The core of hi tech diagnostics is the ability to scientifically measure a physiologic condition and then to convert those measurements to a digital format for analysis and recording. The result is a highly accurate and consistent measurement.
The best known example is digital x-ray. The physiologic condition is tissue density. It is recorded in a digital format by passing x-rays through the tissue and then capturing the data using a solid state computer chip. We can now use software to analyze it.
However this example is complicated by the fact we are used to analyzing a similar non digital film image with our eyes so we don’t easily appreciate the software analysis. Most dentists in fact just analyze and diagnose from the digital radiograph with their eyes. Just as they did film in the past; it just seems like a different version of the same old diagnostic.
A more vivid example of this process is caries detection instruments like the AT Spectra. The physiologic condition is the presence of decay producing bacteria. The bacteria are detected using specific wavelengths of light. The bacteria fluoresce in different wavelengths or colors as shown in the photo above which can be detected with a computer chip (similar to the chips used in the radiography sensors) and the colors analyzed to determine the presence of caries. This process is so different from our old poke it with a sharp stick method we more easily see that we are getting a digital result that we can analyze with software.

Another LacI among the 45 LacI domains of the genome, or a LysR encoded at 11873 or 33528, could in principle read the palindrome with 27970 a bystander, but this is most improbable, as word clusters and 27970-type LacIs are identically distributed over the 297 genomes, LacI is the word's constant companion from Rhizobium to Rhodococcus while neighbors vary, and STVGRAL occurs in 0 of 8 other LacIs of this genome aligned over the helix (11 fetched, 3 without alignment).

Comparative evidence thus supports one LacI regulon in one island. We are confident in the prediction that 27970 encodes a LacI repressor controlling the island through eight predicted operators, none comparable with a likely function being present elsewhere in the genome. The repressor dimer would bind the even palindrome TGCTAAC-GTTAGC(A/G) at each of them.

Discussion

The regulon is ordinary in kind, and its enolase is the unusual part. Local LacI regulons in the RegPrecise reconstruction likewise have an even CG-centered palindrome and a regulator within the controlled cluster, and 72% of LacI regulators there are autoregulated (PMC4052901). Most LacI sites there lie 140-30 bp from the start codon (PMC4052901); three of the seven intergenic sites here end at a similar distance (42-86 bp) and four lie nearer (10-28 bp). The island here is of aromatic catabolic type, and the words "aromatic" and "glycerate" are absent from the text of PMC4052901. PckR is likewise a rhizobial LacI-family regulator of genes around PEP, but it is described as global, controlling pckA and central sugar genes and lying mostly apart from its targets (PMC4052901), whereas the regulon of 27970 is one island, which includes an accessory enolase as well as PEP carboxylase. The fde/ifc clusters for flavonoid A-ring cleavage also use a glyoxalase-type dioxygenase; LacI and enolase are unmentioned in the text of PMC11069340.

Note: The original version of this post showed an image not from Spectra but from the SoproLIFE camera which detects decay by identifying actual changes in tooth morphology.
A final example is the Florida Probe which measures the physiological condition of gingival pocket depth. That is recorded on a chart and can be easily analyzed.
We have just scratched the surface with high tech digital diagnostics. As we learn additional methods to capture appropriate physiological data our diagnosis will become faster, more accurate and less expensive.